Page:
5. Submit application form
The Research and Industry Subject application form (R1) should be completed in consultation with your supervisor and requires signatures from the supervisor(s) and head of department before it will be considered. The form is quite detailed and it can also take some time to get HoD signatures so start early to ensure a timely submission.
Funding your research
Your application must outline any resources required for your project and establish that these are available. Research can cost money and there are number of ways students might cover those expenses.
- Students may cover costs directly
- Supervisors may be able to contribute financial resources.
Your supervisor’s department will receive a proportion of your enrolment fees and, depending on the department’s policy, some funds may be provided through the supervisor to cover research expenses.
Ethics and Risk assessment
Ethics and risk assessments must be completed before any practical research (e.g. fieldwork, contacting potential interviewees) can be undertaken. Both are administered through your supervisor’s faculty; discuss the process with them at the earliest opportunity. Ethics committees have a rigid schedule. Make sure that you prepare your application in good time – missing a deadline can put your research program well behind schedule. Information and forms can be found at the Office for Research Ethics and Integrity and Health and Safety websites.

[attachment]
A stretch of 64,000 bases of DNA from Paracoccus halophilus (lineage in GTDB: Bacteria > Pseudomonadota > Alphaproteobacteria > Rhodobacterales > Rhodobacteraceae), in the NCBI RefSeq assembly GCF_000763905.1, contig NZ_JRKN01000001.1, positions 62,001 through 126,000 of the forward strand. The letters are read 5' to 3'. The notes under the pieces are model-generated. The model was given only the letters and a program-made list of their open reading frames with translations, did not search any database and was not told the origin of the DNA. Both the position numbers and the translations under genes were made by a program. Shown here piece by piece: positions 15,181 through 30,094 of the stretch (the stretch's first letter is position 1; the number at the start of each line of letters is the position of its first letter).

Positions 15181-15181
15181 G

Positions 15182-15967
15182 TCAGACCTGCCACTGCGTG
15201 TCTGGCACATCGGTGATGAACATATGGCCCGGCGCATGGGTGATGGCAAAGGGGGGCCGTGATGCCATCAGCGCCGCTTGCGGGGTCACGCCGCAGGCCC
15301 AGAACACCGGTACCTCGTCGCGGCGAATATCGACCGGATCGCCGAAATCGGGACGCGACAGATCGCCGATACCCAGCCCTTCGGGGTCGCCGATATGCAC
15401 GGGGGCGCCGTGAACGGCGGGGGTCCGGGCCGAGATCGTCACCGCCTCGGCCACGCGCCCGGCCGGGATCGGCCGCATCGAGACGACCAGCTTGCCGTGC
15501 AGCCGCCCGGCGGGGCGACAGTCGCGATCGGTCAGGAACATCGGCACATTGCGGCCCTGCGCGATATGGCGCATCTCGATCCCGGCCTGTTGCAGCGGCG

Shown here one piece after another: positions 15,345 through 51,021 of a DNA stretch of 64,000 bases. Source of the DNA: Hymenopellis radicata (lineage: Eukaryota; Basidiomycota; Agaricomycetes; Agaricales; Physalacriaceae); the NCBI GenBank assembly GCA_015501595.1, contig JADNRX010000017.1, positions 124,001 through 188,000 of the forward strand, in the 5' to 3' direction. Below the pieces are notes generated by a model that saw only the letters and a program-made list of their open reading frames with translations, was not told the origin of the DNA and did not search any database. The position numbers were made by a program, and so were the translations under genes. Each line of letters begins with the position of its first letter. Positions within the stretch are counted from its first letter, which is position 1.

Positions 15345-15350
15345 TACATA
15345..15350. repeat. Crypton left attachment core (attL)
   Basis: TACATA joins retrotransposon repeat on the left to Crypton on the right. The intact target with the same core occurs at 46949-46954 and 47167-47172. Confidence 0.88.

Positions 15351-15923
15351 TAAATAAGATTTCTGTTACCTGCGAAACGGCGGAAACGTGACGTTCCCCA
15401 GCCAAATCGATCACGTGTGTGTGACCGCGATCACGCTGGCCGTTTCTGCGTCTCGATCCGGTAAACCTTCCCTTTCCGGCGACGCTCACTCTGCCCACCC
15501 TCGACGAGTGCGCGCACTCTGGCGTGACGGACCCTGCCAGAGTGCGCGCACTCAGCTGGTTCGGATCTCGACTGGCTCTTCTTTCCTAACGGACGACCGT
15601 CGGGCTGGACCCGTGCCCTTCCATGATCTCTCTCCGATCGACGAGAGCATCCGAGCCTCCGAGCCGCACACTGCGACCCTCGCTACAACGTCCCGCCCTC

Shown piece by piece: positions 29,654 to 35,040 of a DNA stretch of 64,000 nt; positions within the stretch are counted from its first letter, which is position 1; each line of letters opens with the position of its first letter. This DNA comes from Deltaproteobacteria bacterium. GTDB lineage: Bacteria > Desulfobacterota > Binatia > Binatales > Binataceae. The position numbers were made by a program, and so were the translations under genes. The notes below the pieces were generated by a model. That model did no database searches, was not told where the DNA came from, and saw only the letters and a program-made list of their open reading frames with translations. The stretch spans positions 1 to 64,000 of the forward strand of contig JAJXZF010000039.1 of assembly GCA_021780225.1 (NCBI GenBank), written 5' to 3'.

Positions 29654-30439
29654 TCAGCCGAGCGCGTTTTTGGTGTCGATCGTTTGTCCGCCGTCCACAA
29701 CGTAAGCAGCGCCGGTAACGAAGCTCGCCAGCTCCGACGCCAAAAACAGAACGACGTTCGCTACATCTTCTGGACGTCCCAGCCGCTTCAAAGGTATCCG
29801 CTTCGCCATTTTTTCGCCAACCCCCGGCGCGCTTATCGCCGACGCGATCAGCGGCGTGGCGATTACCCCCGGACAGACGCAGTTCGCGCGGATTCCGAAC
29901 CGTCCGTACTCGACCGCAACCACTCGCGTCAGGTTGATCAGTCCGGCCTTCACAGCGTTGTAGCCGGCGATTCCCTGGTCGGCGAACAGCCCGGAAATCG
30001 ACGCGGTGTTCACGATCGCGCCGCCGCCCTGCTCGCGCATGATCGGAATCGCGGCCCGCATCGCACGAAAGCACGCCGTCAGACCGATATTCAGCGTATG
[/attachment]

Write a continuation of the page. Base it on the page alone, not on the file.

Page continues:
Industry partners may have their own protocols. Discuss with your supervisor or subject coordinator which is the most appropriate. If in doubt, use the University protocol.
All students are covered by University public liability insurance once they are enrolled in a subject and are undertaking research which is related to that subject. In addition, students can apply for travel insurance if required for their project.
Legal paperwork for industry subjects
Summary of process
- OEP uses information from the application form (R1) to generate a Standard Letter of Agreement and communicates directly with the Industry Partner to obtain their authorisation
- OEP sends a copy of the finalised Letter of Agreement and Deed of Assignment to the student
- Student completes and signs the Deed of Assignment and emails a copy to the OEP
- OEP authorises student enrolment into subject
The purpose of a Letter of Agreement is set out the legal arrangements relating to the project, including Intellectual Property as well as health and safety responsibilities for the student undertaking the research project. The Letter of Agreement must be signed by the Industry Partner and the University.